β

t

P

0.395

.001

      
  

Intercept

−45.558

21.830

n/a

−2.087

.044

  

Sex

−5.669

1.775

−.415

−3.194

.003

  

Age at onset

.338

.117

.451

2.877

.007

  

Disease duration

.252

.122

.285

2.067

.046

  

CAG repeat length of the expanded CACNA1A allele

2.132

.812

.421

2.627

.012

R2 = Coefficient of determination; β = standard coefficient.

Abbreviations: CACNA1A = alpha 1A P/Q type voltage-dependent calcium channel gene; CAG = cytosine-adenine-guanine; n/a = not applicable; SARA = Scale for the Assessment and Rating of Ataxia; SE = standard error.

Findings of the 3-year prospective study

The data obtained from the prospective study were used to obtain information on disease progression. This information is presented in Table 4 (5 right most columns). During the 3-year follow-up period, 2 patients died and 1 patient dropped out. The causes of the 2 deaths were suffocation and aplastic anemia. One untraceable patient could not continue to visit because of his disability. The follow-up rate of the third year was 93%. The total number of evaluations for the prospective study was 177. The SARA scores worsened significantly each year. The ∆SARA/year at the 1-, 2-, and 3-year follow-up evaluations was 1.35 ± 1.70 (mean ± SD), 1.39 ± 1.39, and 1.24 ± 1.06 points/year, respectively. The total ∆SARA/year was 1.33 ± 1.40 points/year. The ∆SARA/year was 1.08 ± 0.92 points/year for male patients and 1.56 ± 1.71 points/year for female patients. The difference of the ∆SARA/year between genders was not significant. Each year, the SARA scores of patients who scored between 0 and 24.5 points changed by similar amounts (∆SARA/year = 1.48 ± 1.86 points/y), but the amount of change was smaller for patients with scores of more than 25 points (∆SARA/year = 0.48 ± 1.42 points/y).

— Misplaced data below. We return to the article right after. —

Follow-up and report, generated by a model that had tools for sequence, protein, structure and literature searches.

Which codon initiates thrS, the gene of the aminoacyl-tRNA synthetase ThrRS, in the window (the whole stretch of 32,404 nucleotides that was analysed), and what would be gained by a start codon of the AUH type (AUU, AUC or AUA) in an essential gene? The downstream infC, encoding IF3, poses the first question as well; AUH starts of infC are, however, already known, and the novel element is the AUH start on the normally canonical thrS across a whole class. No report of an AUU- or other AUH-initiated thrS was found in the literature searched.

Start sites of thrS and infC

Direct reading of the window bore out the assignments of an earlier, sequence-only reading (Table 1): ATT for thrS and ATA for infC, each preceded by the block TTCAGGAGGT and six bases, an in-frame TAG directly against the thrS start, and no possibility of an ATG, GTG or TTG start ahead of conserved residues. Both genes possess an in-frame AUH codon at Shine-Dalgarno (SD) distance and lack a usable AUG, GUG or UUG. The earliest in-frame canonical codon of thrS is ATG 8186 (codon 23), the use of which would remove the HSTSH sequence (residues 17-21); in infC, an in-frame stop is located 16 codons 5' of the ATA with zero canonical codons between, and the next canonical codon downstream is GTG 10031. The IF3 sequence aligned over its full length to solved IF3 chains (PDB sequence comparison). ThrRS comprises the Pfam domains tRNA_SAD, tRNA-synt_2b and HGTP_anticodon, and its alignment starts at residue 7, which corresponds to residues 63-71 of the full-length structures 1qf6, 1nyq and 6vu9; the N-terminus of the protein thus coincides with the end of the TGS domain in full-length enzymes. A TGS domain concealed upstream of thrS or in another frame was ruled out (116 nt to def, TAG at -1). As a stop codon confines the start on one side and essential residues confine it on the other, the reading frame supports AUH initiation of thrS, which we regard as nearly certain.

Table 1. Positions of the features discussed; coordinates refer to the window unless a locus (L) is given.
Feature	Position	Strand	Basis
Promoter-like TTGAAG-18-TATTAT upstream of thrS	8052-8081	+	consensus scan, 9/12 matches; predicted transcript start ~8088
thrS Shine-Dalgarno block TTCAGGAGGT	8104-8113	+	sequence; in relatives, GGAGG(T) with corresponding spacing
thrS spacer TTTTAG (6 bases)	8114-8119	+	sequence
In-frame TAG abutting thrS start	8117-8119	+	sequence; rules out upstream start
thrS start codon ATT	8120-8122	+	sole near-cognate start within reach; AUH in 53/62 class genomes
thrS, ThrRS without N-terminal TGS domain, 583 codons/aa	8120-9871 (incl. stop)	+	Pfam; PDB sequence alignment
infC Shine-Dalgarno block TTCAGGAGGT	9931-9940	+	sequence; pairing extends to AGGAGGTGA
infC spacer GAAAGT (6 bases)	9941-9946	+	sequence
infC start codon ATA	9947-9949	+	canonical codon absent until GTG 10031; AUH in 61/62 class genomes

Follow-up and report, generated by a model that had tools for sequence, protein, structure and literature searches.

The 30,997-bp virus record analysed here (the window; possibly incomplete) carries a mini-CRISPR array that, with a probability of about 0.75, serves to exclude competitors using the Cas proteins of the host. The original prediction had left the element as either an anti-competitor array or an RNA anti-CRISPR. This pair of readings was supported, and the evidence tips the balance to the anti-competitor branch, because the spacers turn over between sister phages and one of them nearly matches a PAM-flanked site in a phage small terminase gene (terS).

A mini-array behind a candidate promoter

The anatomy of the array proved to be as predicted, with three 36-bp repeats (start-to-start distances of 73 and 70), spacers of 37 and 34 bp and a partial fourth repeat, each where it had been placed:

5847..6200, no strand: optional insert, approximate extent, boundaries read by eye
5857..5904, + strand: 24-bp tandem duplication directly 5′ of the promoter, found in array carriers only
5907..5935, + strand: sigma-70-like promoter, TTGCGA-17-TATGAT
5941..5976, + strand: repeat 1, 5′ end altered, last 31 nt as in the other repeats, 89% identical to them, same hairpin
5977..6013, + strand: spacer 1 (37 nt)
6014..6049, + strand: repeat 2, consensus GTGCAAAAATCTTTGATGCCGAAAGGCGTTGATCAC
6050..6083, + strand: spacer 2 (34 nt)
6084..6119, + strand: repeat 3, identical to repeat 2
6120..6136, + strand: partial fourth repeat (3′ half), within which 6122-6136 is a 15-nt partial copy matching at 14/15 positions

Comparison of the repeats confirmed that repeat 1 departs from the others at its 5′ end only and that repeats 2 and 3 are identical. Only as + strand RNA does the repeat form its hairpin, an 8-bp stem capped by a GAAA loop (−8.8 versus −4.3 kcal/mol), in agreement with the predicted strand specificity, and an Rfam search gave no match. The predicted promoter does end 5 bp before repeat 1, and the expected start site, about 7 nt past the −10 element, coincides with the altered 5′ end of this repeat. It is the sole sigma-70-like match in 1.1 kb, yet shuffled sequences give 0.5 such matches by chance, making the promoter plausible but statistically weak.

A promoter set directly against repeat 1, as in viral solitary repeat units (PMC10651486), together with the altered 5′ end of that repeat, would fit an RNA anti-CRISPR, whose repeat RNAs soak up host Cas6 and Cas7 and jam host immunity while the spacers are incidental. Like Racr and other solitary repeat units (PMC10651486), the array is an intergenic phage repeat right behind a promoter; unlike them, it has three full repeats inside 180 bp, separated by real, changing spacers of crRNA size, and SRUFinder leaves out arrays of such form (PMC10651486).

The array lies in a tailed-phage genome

Table 4

Time course of disease progression based on the SARA, BI, IDR-ICARS and IDR-BI scores

Follow-up year

−4

−3

−2

−1

Registration

1

2

3

Total

N (follow-up rate%)

29

35

38

40

46(100)

44(96)

44(96)

43(93)

177*

Death, n

    

0

1

0

1

2

Withdrawal, n

    

0

1

0

0

1

SARA score, points

    

15.9 ± 7.1

16.8 ± 6.9a

18.2 ± 7.2a

19.1 ± 6.9a

17.5 ± 7.1

ΔSARA, points

    

0

1.35 ± 1.70

2.78 ± 2.78

3.73 ± 3.17

n/a

ΔSARA/year, points/y

    

0

1.35 ± 1.70

1.39 ± 1.39

1.24 ± 1.06

1.33 ± 1.40

BI score, points

    

77.4 ± 22.4

77.4 ± 22.3b

73.8 ± 23.7b

75.0 ± 23.2

75.9 ± 22.8

IDR-ICARS score, points

13.9 ± 5.9

13.7 ± 5.9

14.1 ± 6.0c

14.6 ± 5.7

14.8 ± 6.0

15.0 ± 5.4b

16.0 ± 5.7b

16.2 ± 5.6

14.9 ± 5.8

ΔIDR-ICARS, points

−2.28 ± 3.59

−2.06 ± 3.27

−1.29 ± 2.98

−0.50 ± 2.32

0

0.59 ± 1.65

1.59 ± 2.34

1.77 ± 2.79

n/a

ΔIDR-ICARS/year, points/y

−0.57 ± 0.90

−0.69 ± 1.09